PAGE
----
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Bone thinning occurs as part of the
natural process of aging. If the thinning continues to the point that your
bones become fragile and in danger of breaking, you have osteoporosis. But
osteoporosis is considered a preventable disease.
Calcium should always be taken with vitamin D, because vitamin D is
needed for the body to absorb calcium.
Women who are pregnant or breast-feeding need the same amount of calcium
and vitamin D as other women their age.
If I am a woman older than age 50, I need about 1,200
mg of calcium a day to keep my bones strong and healthy.
The recommended daily amount of calcium for women older than 50 is 1,200 mg. Postmenopausal women need to increase the
calcium in their diets to reduce the effects of bone loss, which naturally
occurs after menopause. Osteoporosis develops as a result of bone loss. Calcium
helps slow the rate of bone loss.
Continue to Why?
Calcium, combined with vitamin D and weight-bearing exercise, keeps bone
loss from getting worse or helps reduce the rate of bone loss that occurs with
osteoporosis. Your bones need
vitamin D to absorb calcium. Taking vitamin D along with calcium can help strengthen your
Calcium increases bone mass and reduces the risk for
Calcium helps build strong bones. The stronger
your bones are, the less likely you are to develop osteoporosis. Getting enough
daily calcium when you have osteoporosis will help reduce bone loss.
Continue to How?
foods contain high amounts of calcium. It is important that you also get enough
vitamin D along with calcium to help your body absorb the
Calcium is in foods such as milk, cheese, and yogurt. Vegetables like broccoli, kale, and Chinese cabbage have calcium. You can get calcium if you eat the soft edible bones in canned sardines and canned salmon. Foods with added (fortified) calcium include some cereals, juices, soy drinks, and tofu. The food label will show how much calcium was added.
Vitamin D is in foods such as salmon, tuna, and mackerel. These are some of the best foods to eat when trying to get more vitamin D. Other foods with vitamin D, but in small amounts, include cheese, egg yolks, and beef liver. You can also get vitamin D from fortified foods such as milk and some cereals, orange juices, yogurts, margarines, and soy drinks.
For example, a good source of calcium is fat-free milk fortified with vitamin
D. Four cups a day provide about 1,200 mg of calcium. Other good sources of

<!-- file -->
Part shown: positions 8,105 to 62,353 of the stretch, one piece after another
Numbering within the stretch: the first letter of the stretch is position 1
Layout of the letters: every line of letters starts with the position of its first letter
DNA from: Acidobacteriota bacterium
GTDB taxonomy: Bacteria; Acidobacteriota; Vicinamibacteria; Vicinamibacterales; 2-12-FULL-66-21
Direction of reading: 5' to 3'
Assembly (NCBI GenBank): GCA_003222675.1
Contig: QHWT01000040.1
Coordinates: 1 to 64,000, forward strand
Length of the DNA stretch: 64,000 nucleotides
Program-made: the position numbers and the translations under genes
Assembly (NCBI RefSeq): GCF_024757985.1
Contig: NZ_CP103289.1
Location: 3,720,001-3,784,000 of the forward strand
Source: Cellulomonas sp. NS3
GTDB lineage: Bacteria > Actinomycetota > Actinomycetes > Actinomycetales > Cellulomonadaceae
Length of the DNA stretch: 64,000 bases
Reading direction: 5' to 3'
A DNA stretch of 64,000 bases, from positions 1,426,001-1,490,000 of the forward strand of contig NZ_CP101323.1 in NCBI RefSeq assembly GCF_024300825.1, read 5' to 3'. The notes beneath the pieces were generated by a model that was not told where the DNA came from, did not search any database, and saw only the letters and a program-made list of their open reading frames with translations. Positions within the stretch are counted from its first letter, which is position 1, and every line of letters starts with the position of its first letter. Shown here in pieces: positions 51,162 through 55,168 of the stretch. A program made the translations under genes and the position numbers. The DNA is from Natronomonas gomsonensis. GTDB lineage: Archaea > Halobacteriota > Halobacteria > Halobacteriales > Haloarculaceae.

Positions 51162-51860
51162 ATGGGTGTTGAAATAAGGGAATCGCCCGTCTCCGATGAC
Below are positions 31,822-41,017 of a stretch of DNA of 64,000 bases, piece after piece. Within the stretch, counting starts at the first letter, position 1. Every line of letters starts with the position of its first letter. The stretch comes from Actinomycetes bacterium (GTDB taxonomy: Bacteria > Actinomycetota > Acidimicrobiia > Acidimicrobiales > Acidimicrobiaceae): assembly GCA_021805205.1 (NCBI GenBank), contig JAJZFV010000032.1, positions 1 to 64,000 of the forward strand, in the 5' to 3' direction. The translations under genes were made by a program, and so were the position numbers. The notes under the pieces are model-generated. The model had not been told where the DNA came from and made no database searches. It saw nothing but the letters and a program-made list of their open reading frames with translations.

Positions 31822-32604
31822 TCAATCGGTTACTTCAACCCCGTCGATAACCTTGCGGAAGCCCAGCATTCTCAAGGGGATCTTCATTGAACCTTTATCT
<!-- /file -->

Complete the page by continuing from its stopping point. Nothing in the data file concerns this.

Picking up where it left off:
calcium include shrimp, blackstrap molasses, calcium-fortified tofu, and
Everyone who has been diagnosed
with osteoporosis should try to
eat a diet rich in these nutrients. People who do not get enough calcium from their diet may need to take a
calcium supplement with vitamin D.
Types of calcium
You can get calcium supplements at most grocery stores and pharmacies. They come in tablets, chewables, and capsules. Not all supplements contain the same amount of calcium or contain vitamin D, so read the label to see which one is best for you.
Consider how much calcium and vitamin D you normally get in your diet. Then each day take the number of tablets that satisfies your
daily recommended amounts of calcium and vitamin D based on your age and health condition. Be careful not to take more than you need.
I am 35 years old and drink 2 cups of milk a day.
That's enough calcium to reduce my risk of bone loss.
Drinking milk fortified with vitamin D can be a
great way to get calcium. But you would have to drink 3 to 4 cups a day to
get the recommended 1,000 mg of calcium a day. You may need to add additional foods
such as a cup of yogurt or some salmon to
get the recommended daily amount for your age.
I am a woman older than 65, and I do not eat dairy
products. I can get enough calcium by taking a good calcium supplement along
with getting enough vitamin D to help my body absorb the
Taking 1,200 mg of calcium supplements combined with 600 IU of vitamin D a day can provide all the daily calcium
you need. You may also want to consider supplementing your daily diet with
other foods rich in calcium so your body can absorb small amounts of calcium
throughout each day.
Continue to Where?
Now that you have read this
information, you can feel confident that you know how to get enough calcium
daily to prevent or treat osteoporosis and reduce your
risk for bone loss.
If you have questions about this information, take it with you when you
visit your doctor. You may want to use a highlighting pen to mark areas or make
notes in the margins of the pages where you have questions.
Return to topic:
Food and Nutrition Board, Institute of Medicine (2011). Dietary reference intakes (DRIs): Recommended dietary allowances and adequate intakes, elements. Available online: http://iom.edu/Activities/Nutrition/SummaryDRIs/~/media/Files/Activity%20Files/Nutrition/DRIs/New%20Material/2_%20RDA%20and%20AI%20Values_Vitamin%20and%20Elements.pdf.
Food and Nutrition Board, Institute of Medicine (2011). Dietary reference intakes (DRIs): Recommended dietary allowances and adequate intakes, vitamins. Available online: http://iom.edu/Activities/Nutrition/SummaryDRIs/~/media/Files/Activity%20Files/Nutrition/DRIs/New%20Material/7_%20Nutrients%20Summary.pdf.
November 6, 2012
Kathleen Romito, MD - Family Medicine & Carla J. Herman, MD, MPH - Geriatric Medicine
How this information was developed to help you make better health decisions.
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